I've just finished the first draft of a Lovecraftian atmospheric story. That requires some processing.
I have a soft spot for Lovecraftian horror. When he was on form (which isn't always), he wrote some compelling and scary stuff. But it's something that needs to be handled with care, because HPL's personal views were... let's go with "problematic", shall we?
There's an age-old debate about whether we can/should appreciate an author's work on its own merits, when separated from their personal qualities. I don't have a firm position on that; somehow I manage to enjoy Byron's poems despite his record as a misogynist who distrusted intelligent women, but I find it impossible to enjoy Dickens' work after learning about his personal life. (I think part of the difference there is hypocrisy; Byron didn't set himself up as a moralist.)
In HPL's case that debate isn't relevant, because his work can't
be separated from his personal qualities. He's not just an author who happened to be flagrantly racist
even by the standards of the day; he's an author who channelled his RL hatred and fear of other races into a fictional setting. I find "Shadow over Innsmouth" a compelling and eerie story, but I have no doubt that it draws much of its power from HPL's racism. (For a more explicit but less well-written connection between the two, see "Arthur Jermyn"... or "Medusa's Coils" if you still need convincing.)
But I'm not going to focus on the racism aspect here; it's already been discussed a lot, and I wanted to note something that hasn't had as much coverage. Let me throw out two phrases side by side here:
(1) "That which must not be named"
(2) "The love that dare not speak its name"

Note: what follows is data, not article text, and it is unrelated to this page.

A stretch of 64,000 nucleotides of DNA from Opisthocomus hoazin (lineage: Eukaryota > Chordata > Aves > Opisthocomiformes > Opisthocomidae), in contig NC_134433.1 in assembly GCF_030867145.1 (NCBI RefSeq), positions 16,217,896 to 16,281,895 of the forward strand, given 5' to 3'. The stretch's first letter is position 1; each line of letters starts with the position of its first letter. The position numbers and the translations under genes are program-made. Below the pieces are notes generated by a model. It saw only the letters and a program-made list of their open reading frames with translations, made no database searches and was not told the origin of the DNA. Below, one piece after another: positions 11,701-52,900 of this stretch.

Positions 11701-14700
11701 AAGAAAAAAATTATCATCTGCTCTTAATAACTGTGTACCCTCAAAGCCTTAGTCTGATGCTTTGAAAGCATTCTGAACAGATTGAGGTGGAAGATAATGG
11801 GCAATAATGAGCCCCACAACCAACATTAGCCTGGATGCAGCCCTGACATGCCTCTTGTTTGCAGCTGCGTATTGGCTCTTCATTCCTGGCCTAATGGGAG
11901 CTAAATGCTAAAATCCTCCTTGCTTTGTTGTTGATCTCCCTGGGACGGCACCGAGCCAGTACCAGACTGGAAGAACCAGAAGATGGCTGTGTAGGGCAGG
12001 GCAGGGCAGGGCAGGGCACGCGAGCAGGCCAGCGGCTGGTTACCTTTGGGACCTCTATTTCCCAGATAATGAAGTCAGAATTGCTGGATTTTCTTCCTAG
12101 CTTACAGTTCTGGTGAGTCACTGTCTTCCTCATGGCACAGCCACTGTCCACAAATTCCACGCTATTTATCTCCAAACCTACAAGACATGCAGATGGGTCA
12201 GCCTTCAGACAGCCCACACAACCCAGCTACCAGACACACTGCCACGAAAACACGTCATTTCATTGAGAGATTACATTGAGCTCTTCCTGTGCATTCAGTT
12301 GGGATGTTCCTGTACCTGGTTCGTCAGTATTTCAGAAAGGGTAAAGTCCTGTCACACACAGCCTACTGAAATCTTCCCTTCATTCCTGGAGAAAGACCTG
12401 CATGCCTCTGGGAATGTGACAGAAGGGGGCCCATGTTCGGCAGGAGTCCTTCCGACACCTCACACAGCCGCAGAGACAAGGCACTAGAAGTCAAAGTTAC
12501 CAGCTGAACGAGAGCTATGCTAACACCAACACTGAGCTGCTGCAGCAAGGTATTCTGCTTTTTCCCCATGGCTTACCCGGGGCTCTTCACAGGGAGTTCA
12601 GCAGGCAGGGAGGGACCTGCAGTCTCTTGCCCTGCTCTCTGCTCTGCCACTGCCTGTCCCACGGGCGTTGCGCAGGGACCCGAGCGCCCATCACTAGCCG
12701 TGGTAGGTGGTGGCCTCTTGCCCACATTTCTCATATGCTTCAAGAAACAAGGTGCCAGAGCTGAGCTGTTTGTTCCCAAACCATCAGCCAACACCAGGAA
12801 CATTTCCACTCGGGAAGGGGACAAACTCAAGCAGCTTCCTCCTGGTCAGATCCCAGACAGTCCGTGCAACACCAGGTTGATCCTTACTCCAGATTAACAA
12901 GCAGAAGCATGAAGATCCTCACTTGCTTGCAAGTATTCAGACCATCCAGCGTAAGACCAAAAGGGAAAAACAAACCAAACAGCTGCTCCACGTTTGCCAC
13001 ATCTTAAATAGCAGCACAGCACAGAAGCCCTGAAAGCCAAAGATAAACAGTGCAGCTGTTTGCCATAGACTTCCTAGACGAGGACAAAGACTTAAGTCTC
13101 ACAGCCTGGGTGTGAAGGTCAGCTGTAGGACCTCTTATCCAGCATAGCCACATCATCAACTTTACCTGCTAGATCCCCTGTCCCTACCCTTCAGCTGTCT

The first is a translation of Lovecraft's "Magnum Innominandum". This is something that he alludes to as an evil power, without ever giving a clear explanation of what it is; the whole notion of "so abhorrent that it provokes instinctive revulsion and can only be discussed obliquely" is a stock Lovecraftian trope.
The second is Lord Alfred Douglas' euphemism for homosexual love, as made famous by Oscar Wilde's trial for "sodomy and gross indecency". And if you read coverage of the time, you'll find that this sort of stuff was commonly treated as, well, something so abhorrent that it provokes instinctive revulsion and can only be discussed obliquely.
It goes a little further than that, though. Lovecraft mentions the Magnum Innominandum in combination with Hastur, Hali, and the Yellow Sign. All three of those are drawn from Robert Chambers' "The King In Yellow", a series of short stories that refer to a much-suppressed play of the same name which does Bad Things to those who read it. That play seems to be at least partly based on Wilde's "Salomé"... and the first story in the collection features a Mr. Wilde as an agent of ruin.